You should contact Maran Harav Hagaon Shloime Rosenbaum, shlita, of Tzfas. He heads an amazing community there that’s full of ruchnias and chessed. He himself must be one of the lamed vav. There are shiurim in his Bais Medrash in Hebrew, Yiddish, and English. There are many opportunities for chessed there as well. The Rebbe’s own wife, may she live ad 120, has a wedding cake gemach where she bakes cakes herself for chasunas in the community. There are kollelim set up for yungerleit and in the evening for working fellows as well. All in all, a diverse community with an outstanding, dynamic leader. There are many English speakers there; the community is about 30% Anglo. B’hatzlacha!November 18, 2009 11:06 am at 11:06 am #668486onlyemesMember
I normally refrain from giving advice but here I will make an exception. I have been living in Israel for many years.
1. Contact nefesh b’nefesh, it is a very effective organization and they have the means and contacts to help you in many ways. For Americans considering aliyah, it is almost automatic to go through them, and well worth it.
2. Do not , under any circumstances, decide yet where you will live permanently. You don’t know and you don’t have to know. When you arrive here as a mishpachah olah (not just a pilot trip), you will have the opportunity to investigate many wonderful communities and decide which is best for you. A cake baking rebbetzin is not a valid criterion for choosing a community. Don’t rush, you will have time.
I wish you much hatzlachah when you finally arrive at the only real home of the Jewish people. We are all rooting for you.November 18, 2009 12:25 pm at 12:25 pm #668487
I would like to echo what onlyemes said, and add a caveat. Talk to the people at Nefesh b’Nefesh, and talk to your local Aliyah Shaliach. Ask the same questions to both. And keep in mind that when you actually do get here, the information you were given may not be totally accurate.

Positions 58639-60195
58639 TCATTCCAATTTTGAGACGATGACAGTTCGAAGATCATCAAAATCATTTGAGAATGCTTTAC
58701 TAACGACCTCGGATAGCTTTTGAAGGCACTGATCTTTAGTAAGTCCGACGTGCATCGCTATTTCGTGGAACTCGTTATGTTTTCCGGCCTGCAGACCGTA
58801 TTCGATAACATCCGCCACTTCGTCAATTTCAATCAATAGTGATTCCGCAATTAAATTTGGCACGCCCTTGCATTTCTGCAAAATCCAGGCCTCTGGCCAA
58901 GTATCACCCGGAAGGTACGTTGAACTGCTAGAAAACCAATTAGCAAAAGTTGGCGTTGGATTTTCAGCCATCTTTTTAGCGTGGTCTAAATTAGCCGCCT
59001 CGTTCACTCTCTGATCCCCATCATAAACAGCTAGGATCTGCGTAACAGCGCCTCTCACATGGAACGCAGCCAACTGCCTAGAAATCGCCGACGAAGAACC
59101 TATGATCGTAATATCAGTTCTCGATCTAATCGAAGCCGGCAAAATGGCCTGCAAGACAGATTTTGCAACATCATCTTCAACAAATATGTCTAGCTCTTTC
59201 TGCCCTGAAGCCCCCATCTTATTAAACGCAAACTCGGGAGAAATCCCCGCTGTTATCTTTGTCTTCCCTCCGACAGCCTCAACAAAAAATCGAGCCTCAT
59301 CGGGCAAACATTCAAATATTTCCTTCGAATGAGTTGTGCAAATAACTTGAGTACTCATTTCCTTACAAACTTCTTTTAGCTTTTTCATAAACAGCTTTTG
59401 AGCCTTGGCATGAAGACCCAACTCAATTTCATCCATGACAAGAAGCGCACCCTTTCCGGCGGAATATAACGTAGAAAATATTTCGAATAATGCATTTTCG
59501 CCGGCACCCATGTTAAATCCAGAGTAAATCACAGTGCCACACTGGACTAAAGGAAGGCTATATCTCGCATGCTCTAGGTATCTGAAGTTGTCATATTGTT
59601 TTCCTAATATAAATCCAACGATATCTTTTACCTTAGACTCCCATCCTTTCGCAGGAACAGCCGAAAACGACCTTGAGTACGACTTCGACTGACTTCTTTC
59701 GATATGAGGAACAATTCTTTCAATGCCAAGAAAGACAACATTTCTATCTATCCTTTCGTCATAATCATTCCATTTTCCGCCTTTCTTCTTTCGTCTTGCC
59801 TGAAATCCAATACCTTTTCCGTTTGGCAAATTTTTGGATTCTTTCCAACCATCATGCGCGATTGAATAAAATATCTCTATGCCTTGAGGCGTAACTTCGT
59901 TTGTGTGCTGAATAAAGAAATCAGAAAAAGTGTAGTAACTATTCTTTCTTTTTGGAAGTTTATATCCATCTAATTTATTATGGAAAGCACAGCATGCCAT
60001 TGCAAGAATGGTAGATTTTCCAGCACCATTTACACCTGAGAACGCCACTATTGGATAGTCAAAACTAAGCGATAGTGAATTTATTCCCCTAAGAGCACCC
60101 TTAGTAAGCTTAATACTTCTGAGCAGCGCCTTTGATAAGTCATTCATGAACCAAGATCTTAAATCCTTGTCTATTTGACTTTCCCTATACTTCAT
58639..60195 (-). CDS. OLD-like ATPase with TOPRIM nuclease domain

That said, I think every Jew should live in EY. Despite some of the problems that crop up during the Aliyah process, living here is an indescribable bracha and well worth whatever it takes to get here.November 19, 2009 11:37 am at 11:37 am #668488ZachKessinMember
You need to think about a bunch of things, (And I’m sure I’m leaving a bunch out here)
- Where are you going to work?
- What type of commute are you going to have (time, mode etc)
- What size community do you want to live in (Big City, suburb, kibbutz/moshav etc)
- What kind of schools do you want for your kids
- What kind of weather do you like?
You should make a pilot trip and check out a bunch of places and then rent for the first year or two while you figure things out.November 19, 2009 3:38 pm at 3:38 pm #668489bfaceParticipant
I have recently been in touch with Nefesh B’Nefesh and they have a person who they hired to be a liaison to the Yeshivish/Chareidi community. His name is Yigal Segal and he can answer many of the questions I have seen posted here. His email is [email protected]- I know he said he would be in America around Thanksgiving time so you might be able to get a meeting with him here if you get in touch with him.November 19, 2009 8:22 pm at 8:22 pm #668490